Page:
microfilm runs have replaced complete sets of the real thing.The real things
are being destroyed, wholesale.
The article in the New Yorker\'s current issue is another indictment by
admitted library-lover/muckraker, novelist/journalist Nicholson Baker, of
our profession\'s concern for the \"bottom line\", the giving of the appearance
of with-it-ness, and of savvy kowtowing to political/economic expediency,
over and against the professional responsibility to resist the destructive
forces which threaten to create gaps and blurs in the human record,trends
which are the results of unquestioning acceptance of corporate influences,of
the increasing monopolization of ownership of information resources, and the
irresitableness of \"virtualization\" of public space and of artifactual
authenticity.
His other forays into this arena were his work about the implications of the
destruction of our card catalogs, his exposes of the SFPL\'s large scale,
irresponsible \"weeding\" of books in order to fit into their new
accomodations which seemed to have more important purposes than housing the
printed collection.


It is embarassing and depressing that a non-librarian has called on the
conscience of the library world, in work aimed at a level at which our most
central functions and beliefs are concerned, and we have never risen, as a
profession or an association, to the challenges he has previously posed,
except with the spokespeople for instituions crafting of bureaucratic
excuses and management-styled rationalizations.We have never engaged this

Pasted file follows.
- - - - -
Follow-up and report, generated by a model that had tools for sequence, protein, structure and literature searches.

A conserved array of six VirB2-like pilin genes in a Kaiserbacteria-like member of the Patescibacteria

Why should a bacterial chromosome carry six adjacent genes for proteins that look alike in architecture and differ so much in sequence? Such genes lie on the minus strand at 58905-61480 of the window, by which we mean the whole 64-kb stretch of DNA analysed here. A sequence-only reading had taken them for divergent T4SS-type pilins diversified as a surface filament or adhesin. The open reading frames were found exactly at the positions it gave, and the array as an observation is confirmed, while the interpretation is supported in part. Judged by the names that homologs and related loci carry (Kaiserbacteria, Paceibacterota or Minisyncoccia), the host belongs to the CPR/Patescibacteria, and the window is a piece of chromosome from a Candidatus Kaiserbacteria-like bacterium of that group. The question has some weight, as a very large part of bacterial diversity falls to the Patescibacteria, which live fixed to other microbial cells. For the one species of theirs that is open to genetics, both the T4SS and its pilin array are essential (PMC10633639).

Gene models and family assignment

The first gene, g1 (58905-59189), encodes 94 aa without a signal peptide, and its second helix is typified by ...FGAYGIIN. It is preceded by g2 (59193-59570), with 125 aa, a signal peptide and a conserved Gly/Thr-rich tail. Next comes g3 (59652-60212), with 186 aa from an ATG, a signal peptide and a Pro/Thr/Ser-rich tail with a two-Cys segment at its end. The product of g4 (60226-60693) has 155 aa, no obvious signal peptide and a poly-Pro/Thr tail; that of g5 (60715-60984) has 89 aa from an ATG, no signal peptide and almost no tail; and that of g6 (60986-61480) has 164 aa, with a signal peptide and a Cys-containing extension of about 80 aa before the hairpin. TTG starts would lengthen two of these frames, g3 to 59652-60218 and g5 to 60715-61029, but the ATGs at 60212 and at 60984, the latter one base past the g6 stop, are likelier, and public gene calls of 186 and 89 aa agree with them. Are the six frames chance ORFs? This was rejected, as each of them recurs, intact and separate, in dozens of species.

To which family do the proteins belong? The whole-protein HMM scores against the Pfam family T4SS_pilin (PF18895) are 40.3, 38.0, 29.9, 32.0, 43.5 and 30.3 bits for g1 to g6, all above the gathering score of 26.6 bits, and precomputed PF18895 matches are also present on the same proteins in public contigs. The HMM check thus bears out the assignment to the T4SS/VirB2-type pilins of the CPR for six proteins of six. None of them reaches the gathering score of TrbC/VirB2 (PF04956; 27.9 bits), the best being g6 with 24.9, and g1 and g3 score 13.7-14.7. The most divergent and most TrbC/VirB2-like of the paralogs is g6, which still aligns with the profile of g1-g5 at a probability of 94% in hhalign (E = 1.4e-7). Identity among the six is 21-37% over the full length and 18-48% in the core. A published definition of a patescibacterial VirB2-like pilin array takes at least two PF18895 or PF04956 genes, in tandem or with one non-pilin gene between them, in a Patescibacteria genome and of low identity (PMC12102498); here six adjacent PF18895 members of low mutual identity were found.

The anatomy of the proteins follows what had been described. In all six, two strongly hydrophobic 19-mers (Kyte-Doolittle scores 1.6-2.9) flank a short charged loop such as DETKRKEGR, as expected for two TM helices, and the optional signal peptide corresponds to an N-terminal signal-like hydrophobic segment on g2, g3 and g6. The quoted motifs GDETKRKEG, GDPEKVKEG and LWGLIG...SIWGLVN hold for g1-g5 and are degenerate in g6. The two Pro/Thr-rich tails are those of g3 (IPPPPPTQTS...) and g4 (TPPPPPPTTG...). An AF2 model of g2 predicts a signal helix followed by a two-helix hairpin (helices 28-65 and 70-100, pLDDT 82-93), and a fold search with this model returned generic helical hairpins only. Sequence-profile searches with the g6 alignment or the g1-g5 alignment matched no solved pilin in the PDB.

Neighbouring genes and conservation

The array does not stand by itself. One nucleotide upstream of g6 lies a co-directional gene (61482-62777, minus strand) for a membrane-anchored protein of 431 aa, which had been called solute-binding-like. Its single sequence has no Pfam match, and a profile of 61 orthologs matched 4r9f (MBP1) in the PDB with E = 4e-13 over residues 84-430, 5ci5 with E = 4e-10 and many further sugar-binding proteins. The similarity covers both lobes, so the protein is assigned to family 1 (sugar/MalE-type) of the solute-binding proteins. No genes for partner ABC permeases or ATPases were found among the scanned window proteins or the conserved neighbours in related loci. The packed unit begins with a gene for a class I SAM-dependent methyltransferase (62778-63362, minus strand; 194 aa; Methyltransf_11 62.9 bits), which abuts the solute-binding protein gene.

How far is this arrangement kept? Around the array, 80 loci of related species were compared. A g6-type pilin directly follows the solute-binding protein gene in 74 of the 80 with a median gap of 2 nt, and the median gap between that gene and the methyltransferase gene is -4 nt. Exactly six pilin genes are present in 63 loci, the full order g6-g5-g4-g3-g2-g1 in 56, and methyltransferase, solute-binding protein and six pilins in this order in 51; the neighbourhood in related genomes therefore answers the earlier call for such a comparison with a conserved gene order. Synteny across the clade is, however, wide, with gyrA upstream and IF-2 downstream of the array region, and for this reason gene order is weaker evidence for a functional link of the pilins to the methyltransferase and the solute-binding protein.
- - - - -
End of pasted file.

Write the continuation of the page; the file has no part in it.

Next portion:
extraordinary man and what he represents. This time once again he is saying
\"stem the tide\" before it\'s too late. See if you don\'t think, as I do, that
we have a need to examine how, in light of his call, we can and must
review, rethink and renew our commitment to what librarianship is all about.


I cannot summarize the richness of Baker\'s argument or capture the pathos of
his desperation as he tries,almost singlehabdledly, and at great personal
effort and expense, to \"save\" the few surving intact copies of major
newspapers through efforts of his own to acquire them before they are sold
to dealers who cut them up for re-sale as birthday knicknacks, etc.
ALA Councilors must read it for themselves. The \"Heads\" must read it and
think of something other than clever justifications for disatrous policies.
Baker must be engaged, openly, honestly, constructively and the implications
of his story, \"Trashing\" must be thought through. I urge us all to take it
seriously, especially as he has exposed to public scrutiny, in brilliant
prose, in a major,widely read journal of high repute, and as an advocaye -
afriend - of libraries, a seamy side of our profession\'s behavior which is
more undermining of the public image of librarianship and of its necessity
than all the negative efforts Family Friendly Libraries and local book
challengers.


Sincerely,
Mark C. Rosenzweig
ALA Councilor at large